Wednesday, April 27, 2011
ONE, TWO, BUCKLE MY SHOE by Salina Yoon
Poetry Tag continues with a book review of a new book of poetry connected to yesterday's book review.
Today’s tagline: More poems from the oral tradition
Guest Reviewer: Sharon McCoy Johnson
Featured Book: Yoon, Salina, 2011. One, Two, Buckle My Shoe: A Counting Nursery Rhyme. New York: Robin Corey Books, Random House. ISBN 978-0-375-86479-7
Sharon writes: One, Two, Buckle My Shoe: A Counting Nursery Rhyme by Salina Yoon is an imaginative and entertaining counting rhyme book. This durable board book is suitable for babies, toddlers, pre-school children, as well as the young at heart! Yoon offers the reader an interactive, practical and creative literacy learning tool presented with a colorful and exciting contemporary flare on a beloved children’s nursery rhyme. The poet presents the reader with a fun-filled way of recognizing and learning number words and numerals from one to ten.
As the reader turns the pages of the die-cut peek-a-boo windows, the subsequent page will reveal an extravaganza of brightly colored abstract shapes and whimsical circus animals. Further, the child will observe the rhyme’s numeric amount along with the rhyming text given in black or white print. The final pages of the board book offers the reader a double gatefold spread of a three-ring circus spotlighting the good fat hen.
One, Two, Buckle My Shoe is an exceptional counting nursery rhyme board book that is a wonderful resource for a child’s early numeric learning experience.
Read the nursery rhyme, "One, Two, Buckle My Shoe: A Counting Nursery Rhyme" by Salina Yoon several times in a shared reading lesson with students in early childhood through kindergarten. The teacher will talk with the students about the number words in the board book. The teacher will explain to the students that a number means an amount. The teacher will show the students examples of number amounts written as a number word. The teacher will explain to the students that the number word has the same meaning, only it is written in word format. The teacher will ask the children to create a list of numbers and their number words with a partner.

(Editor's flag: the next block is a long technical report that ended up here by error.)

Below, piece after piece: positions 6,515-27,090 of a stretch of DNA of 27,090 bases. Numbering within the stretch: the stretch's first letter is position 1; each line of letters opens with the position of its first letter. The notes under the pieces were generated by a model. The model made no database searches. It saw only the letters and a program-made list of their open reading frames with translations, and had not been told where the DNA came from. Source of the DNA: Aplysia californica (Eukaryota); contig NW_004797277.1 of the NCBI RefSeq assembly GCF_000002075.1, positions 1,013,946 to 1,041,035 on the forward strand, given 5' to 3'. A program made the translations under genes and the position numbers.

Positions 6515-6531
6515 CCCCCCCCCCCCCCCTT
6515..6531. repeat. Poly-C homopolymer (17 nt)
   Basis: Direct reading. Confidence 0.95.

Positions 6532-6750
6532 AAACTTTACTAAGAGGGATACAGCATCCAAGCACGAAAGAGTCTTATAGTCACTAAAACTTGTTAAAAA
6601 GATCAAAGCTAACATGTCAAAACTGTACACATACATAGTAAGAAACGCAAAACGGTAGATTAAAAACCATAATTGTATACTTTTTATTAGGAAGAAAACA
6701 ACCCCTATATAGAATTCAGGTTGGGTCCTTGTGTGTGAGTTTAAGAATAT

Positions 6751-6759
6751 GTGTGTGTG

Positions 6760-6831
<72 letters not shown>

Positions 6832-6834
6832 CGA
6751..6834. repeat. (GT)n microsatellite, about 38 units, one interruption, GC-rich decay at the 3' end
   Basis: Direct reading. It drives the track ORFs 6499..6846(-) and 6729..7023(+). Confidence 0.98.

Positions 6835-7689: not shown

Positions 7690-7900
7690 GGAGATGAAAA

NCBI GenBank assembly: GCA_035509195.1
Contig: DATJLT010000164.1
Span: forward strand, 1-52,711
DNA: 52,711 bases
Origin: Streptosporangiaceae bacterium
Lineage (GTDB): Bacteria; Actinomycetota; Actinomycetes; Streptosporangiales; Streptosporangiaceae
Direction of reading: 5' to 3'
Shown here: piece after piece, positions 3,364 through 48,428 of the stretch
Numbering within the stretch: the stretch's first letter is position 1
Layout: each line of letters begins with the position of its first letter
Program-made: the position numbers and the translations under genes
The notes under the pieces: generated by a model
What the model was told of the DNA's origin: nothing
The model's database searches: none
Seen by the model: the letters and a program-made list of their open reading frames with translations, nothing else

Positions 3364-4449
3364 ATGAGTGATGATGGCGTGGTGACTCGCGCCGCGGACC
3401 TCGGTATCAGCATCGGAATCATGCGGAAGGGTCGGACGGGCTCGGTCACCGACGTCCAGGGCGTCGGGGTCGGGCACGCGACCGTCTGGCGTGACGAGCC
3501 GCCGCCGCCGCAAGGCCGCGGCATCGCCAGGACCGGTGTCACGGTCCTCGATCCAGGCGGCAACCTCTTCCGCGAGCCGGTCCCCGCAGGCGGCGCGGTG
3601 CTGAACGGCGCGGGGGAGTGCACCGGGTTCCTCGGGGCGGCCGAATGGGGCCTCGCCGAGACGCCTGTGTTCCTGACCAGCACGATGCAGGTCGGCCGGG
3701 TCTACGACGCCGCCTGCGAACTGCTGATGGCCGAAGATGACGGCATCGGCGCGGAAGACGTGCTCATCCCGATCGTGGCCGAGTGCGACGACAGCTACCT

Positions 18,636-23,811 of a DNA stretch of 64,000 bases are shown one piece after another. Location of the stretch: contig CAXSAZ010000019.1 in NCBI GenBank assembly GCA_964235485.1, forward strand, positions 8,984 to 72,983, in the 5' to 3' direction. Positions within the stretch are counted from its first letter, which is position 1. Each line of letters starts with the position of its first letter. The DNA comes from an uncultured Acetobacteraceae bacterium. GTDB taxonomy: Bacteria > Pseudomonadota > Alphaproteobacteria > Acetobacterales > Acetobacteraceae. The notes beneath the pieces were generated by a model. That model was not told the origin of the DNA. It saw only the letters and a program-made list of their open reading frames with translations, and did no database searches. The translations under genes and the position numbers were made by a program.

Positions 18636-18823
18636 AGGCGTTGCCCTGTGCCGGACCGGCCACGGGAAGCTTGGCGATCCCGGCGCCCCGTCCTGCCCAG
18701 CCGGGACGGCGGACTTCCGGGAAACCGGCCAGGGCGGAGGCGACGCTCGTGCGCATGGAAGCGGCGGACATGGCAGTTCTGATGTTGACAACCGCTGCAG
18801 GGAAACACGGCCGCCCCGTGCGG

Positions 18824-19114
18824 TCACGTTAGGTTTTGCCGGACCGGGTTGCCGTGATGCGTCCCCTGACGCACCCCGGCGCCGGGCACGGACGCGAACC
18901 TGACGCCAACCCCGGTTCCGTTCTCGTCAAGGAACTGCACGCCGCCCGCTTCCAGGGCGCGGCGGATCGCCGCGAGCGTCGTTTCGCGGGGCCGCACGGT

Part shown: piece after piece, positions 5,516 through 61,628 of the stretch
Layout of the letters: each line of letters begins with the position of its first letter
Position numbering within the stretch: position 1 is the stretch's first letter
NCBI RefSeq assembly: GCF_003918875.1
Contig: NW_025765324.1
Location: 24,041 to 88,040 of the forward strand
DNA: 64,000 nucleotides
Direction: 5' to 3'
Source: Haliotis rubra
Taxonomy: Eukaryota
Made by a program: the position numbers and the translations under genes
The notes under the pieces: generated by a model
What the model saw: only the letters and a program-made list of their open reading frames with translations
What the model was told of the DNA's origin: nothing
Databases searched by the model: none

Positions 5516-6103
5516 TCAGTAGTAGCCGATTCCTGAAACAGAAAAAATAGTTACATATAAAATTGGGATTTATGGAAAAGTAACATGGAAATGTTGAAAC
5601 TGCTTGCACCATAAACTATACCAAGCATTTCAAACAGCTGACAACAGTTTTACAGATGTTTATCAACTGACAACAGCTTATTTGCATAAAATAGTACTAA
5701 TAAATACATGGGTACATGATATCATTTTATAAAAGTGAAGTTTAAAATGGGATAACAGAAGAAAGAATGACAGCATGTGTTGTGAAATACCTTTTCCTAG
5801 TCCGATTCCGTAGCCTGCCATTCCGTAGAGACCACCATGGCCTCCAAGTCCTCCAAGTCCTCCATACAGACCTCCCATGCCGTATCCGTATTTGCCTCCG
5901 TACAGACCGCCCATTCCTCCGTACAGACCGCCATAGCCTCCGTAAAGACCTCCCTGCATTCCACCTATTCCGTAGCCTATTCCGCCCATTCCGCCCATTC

Tell the pupils that next to each number, they are to write the number word. When needed, children may refer back to the nursery rhyme. Finally, the teacher will show the children the number words again. The teacher will model the correct formation of the number on a small sticky note or the white board and place the number above the word on the nursery rhyme book.
For the second activity, the students will create a graph using cut-outs of ten columns of shoes. The teacher will make copies of shoes for each student. The teacher will write each digit on an index card and the number words, one-ten, on the back of each index card and laminate. The teacher will explain to the students that they are going to randomly draw a number, count the shoe(s) and color it in. For example, the student draws the number “1” and colors one shoe. The student flips the card over, to find the word "one", and writes it in the column beneath (this makes the game self-correcting, and teaches them that a graph has labels). Last, the student sets the number “1” card aside. Continue in this manner until the graph is complete with numbers 1-10. To read more about the counting nursery rhyme, access the following website.
Tomorrow’s tagline: About capturing songs and stories
[We’re heading down the homestretch of National Poetry Month—still time to get your copy of the e-book, PoetryTagTime, an e-book with 30 poems, all connected, by 30 poets, downloadable at Amazon for your Kindle or Kindle app for your computer, iPad or phone for only 99 cents. Grab it now.]
Image credit: PoetryTagTime;
Posting (not poem) by Sylvia M. Vardell and students © 2011. All rights reserved.